A mixed bag is on tap at downtown St. Petersburg's Oak & Stone

Still, there's much to explore.

click to enlarge Oak & Stone showcases a gleaming array of 48 DIY craft beer taps in downtown St. Pete. - Chip Weiner
Chip Weiner
Oak & Stone showcases a gleaming array of 48 DIY craft beer taps in downtown St. Pete.

Oak & Stone

2.5 out of 5 stars

199 Central Ave., St. Petersburg. Appetizers: $5-$13; entrees: $10-$16; desserts: $4-$7; Wall of Beer: 25-80 cents per ounce; cocktails & wines by the glass: $8-$11; bourbon flights: $25. 727-565-4064, oakandstone.com.

I am an inveterate taster. If I could snap my fingers and make it happen, my preference would be to have one bite of each and every item on a restaurant’s menu. The same goes with libations. Being at a special event to sample 100 wines, for me, is nirvana — even as my powers of discernment may diminish. And that’s while spitting. Nonetheless, the world has so many flavors and nuances that I selfishly want to experience them all.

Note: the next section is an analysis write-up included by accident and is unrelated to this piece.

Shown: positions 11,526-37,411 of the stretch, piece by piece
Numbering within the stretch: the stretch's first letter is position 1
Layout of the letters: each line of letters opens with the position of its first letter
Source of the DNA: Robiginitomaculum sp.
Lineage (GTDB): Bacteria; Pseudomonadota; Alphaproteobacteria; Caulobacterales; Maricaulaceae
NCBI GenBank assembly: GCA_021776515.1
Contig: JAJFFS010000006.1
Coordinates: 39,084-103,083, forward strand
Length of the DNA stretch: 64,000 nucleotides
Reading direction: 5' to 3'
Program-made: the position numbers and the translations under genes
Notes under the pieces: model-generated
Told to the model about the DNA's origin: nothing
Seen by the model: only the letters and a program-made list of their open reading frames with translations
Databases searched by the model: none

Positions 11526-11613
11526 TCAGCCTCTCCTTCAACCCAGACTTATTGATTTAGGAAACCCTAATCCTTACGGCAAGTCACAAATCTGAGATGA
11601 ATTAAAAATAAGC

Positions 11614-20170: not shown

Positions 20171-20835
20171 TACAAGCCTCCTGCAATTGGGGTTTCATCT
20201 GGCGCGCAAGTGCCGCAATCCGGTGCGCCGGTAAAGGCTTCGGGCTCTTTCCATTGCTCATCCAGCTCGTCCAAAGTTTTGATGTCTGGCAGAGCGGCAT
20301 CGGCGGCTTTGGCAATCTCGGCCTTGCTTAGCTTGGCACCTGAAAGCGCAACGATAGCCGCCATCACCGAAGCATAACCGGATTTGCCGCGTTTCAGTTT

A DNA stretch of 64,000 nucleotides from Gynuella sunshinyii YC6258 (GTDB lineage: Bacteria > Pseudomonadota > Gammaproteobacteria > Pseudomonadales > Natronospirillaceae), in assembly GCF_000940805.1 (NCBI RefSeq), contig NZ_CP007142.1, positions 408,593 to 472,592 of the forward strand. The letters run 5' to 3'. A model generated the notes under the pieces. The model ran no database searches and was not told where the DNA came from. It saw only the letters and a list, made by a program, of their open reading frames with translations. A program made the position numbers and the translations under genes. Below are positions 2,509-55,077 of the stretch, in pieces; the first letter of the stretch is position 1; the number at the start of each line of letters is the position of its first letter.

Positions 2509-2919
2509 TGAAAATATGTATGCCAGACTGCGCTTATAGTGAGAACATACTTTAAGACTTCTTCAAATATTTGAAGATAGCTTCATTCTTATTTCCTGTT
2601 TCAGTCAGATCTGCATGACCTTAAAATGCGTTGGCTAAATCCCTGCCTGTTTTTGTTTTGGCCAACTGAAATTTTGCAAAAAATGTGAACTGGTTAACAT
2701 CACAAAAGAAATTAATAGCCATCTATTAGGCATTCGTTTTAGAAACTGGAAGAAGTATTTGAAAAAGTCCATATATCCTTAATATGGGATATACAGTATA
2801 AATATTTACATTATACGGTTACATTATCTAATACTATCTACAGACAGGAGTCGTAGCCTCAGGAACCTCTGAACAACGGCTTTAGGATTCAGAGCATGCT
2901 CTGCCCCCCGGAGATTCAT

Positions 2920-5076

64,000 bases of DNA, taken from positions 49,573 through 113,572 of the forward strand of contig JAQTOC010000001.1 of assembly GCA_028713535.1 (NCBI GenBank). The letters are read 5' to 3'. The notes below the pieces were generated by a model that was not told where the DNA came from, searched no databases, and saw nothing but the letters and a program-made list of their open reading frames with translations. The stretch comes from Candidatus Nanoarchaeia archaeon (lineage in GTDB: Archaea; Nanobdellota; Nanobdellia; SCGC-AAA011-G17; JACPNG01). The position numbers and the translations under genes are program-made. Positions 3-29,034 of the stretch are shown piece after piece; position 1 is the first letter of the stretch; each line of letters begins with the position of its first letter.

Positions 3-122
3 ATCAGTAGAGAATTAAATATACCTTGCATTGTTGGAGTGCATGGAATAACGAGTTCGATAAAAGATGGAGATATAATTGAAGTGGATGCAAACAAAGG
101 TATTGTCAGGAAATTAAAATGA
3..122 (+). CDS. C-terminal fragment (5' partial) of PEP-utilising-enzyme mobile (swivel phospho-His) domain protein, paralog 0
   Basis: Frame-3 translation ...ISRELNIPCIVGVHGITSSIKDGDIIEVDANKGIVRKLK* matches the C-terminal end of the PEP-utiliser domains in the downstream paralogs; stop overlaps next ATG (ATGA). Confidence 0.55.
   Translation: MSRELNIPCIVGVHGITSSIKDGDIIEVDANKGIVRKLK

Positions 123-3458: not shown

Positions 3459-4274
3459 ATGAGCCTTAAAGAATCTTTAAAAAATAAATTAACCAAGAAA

You can imagine my glee as I enter downtown St. Pete’s Oak & Stone to see the gleaming array of 48 DIY craft beer taps. Not just that, but each selection has its own mounted iPad packed with info so that hops geeks may delve deep, limited only by their personal level of obsession. It’s the perfect mashup of beer and technology.

What a kick it is for guests 21 and over to self-serve from the Wall of Beer. RFID (radio-frequency identification) wristbands use electromagnetic fields to automatically identify and track guests. The software links guests to their tabs, based on how many ounces they pour during an individual visit. After 40 ounces, the link stops to be sure you don’t overindulge and hurt your chances of being confirmed to the Supreme Court. You are, however, able to reload. This amazing breakthrough provides, as the Oak & Stone website proudly proclaims, “an exceptional and unintimidating tasting experience for craft beer aficionados and novices alike.”

Beertenders are also close at hand to guide guests and offer helpful recommendations. Oh, and in case you’re the type of drinker who wants to make this whole thing into a science project, your receipt catalogs what you’ve sampled so you have a record of your exploration.